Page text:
BERLIN — The relicensing of the eight hydroelectric plants on the stretch of the Androscoggin River between Berlin and Shelburne is methodically moving forward.

Back in 2019, Great Lakes Hydro America and Central Rivers Power NH filed notices of intent with the Federal Energy Regulatory Commission to file for new licenses. FERC oversees licensing of all non-federal hydro-electric power projects.

While there are two separate owners, FERC decided to treat the eight hydroelectric facilities as one large complex because they are located together on an 11-mile stretch of the river.

The owners have since submitted draft license applications and their final license applications are due July 31. Once the final applications are determined to be complete, FERC spokeswoman Celeste Miller said the agency will issue a notice soliciting comments as they start the environmental analysis process. Miller said she said could not speculate on when a final decision will be made.

Central Rivers owns Smith Hydroelectric plant in Berlin and the Gorham Hydroelectric plant, both formerly owned by Public Service of NH. The licenses for both plants expire in 2024. Smith Hydro is a 15-megawatt facility while Gorham is 2.1-megawatts.

Great Lakes Hydro owns Shelburne Hydroelectric, Upper Gorham and Cascade Hydroelectric plants in Gorham, and Cross, Sawmill, and Riverside Hydroelectric plants in Berlin. Riverside’s license to operate does not expire until Dec. 31, 2033, but Great Lakes filed a motion to accelerate its expiration to July 31, 2024, so it can be included with the others. Combined the six facilities total just over 25 megawatts.

The draft reports show the companies are not proposing to add capacity or make any physical modifications.

Still to come are recreation studies that were requested by local officials at the public scoping hearings on the licensing held in the fall of 2019.

David Heidrich, manager of stakeholder relations for Great Lakes, said the pandemic delayed the recreation studies but they are now underway. He said the Kleinschmidt Group is conducting independent studies for both Great Lakes and Central Rivers and each company will file its own report. Heidrick said work on the study is expected to continue through September with the report completed in early 2023.

“The purpose of the recreation study is to better understand the type and volume of use at select recreation sites in the region so that we can better understand their capacity and site-specific needs. This work is accomplished through a variety of means, including taking counts and conducting user surveys with site visitors. Ultimately, the results of the study will help inform whether adjustments may be necessary to ensure that these locations provide adequate recreational opportunities associated with the Androscoggin River, well into the future, for those living in and visiting the Androscoggin River Valley,” Heidrich wrote in an email.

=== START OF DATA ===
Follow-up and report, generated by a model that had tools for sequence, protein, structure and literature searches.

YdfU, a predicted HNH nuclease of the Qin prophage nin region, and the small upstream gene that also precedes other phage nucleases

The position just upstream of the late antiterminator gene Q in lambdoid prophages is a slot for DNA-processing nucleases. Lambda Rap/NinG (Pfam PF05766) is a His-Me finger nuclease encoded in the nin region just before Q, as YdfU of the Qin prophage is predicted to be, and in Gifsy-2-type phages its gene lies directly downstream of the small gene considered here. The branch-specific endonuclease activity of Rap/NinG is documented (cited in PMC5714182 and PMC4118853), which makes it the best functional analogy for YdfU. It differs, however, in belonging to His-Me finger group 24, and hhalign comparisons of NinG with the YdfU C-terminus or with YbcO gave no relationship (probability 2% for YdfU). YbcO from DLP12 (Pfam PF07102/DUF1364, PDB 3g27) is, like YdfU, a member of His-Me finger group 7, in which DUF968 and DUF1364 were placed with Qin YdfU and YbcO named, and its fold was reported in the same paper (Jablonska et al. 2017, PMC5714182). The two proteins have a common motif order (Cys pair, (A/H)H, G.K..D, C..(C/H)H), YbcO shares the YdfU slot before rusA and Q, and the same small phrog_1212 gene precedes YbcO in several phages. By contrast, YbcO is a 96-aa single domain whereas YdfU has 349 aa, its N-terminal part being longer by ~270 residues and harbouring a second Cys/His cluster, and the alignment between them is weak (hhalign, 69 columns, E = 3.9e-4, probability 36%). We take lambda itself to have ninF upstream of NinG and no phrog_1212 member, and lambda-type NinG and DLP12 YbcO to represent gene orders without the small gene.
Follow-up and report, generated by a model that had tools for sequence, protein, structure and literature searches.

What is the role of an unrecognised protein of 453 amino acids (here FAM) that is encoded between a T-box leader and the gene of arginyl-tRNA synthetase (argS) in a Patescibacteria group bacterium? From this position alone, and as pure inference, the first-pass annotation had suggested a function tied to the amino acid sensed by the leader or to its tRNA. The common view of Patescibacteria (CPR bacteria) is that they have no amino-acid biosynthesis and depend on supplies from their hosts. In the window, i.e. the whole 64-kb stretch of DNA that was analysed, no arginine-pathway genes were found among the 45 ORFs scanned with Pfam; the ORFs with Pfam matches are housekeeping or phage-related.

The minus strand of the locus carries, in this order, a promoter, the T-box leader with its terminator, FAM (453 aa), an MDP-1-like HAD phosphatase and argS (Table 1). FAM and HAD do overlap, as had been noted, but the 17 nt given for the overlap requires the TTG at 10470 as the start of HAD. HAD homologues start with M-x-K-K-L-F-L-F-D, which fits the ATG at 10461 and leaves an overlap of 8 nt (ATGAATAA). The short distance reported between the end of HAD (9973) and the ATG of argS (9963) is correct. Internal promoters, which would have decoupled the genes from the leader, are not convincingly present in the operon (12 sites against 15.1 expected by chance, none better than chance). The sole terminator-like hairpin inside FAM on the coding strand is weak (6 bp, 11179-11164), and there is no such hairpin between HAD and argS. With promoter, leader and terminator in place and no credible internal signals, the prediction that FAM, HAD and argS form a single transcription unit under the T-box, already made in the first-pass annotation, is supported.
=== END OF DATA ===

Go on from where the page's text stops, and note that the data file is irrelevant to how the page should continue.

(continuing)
In its draft application, Central Rivers noted that it provides public access to the 10-acre Smith Peninsula Park, located between the penstock and bypassed reach of the Smith project. The park provides some walking trails, picnic tables, benches, landscaping, parking, and restroom facilities as well as scenic overlooks of the mountains, the Dead and Andy Rivers. Central Rivers also provides recreation facilities along the south shore of the Gorham project including a walking trail, a picnic area, a canoe portage, a fishing area downstream of the powerhouse, parking, an information kiosk and a second information kiosk on the north shore.

Great Lakes noted that at least of its hydro-electric sites are not suitable for recreation because of their proximity to the Super Fund site or location in the former mill complex. The corporation said there are informal recreation facilities at some of its sites but they are not provided by Great Lakes.

To read documents on the re-licensing process, go to elibrary at ferc.gov and use the docket numbers P-2422, P-2326 , P-2311 and P-2300.

(1) comment

polinishero

25 megawatts is ridiculously low amount for 11 dams. 3 windmills or a couple acres of solar panels can generate more megawatts. The ecosystem fragmentation by the dams and their stagnation and heat pollution of the river wipes out any justification for their existence. The recreational value of a free flowing river would keep recreational dollars in the local community and not send it to Canada.

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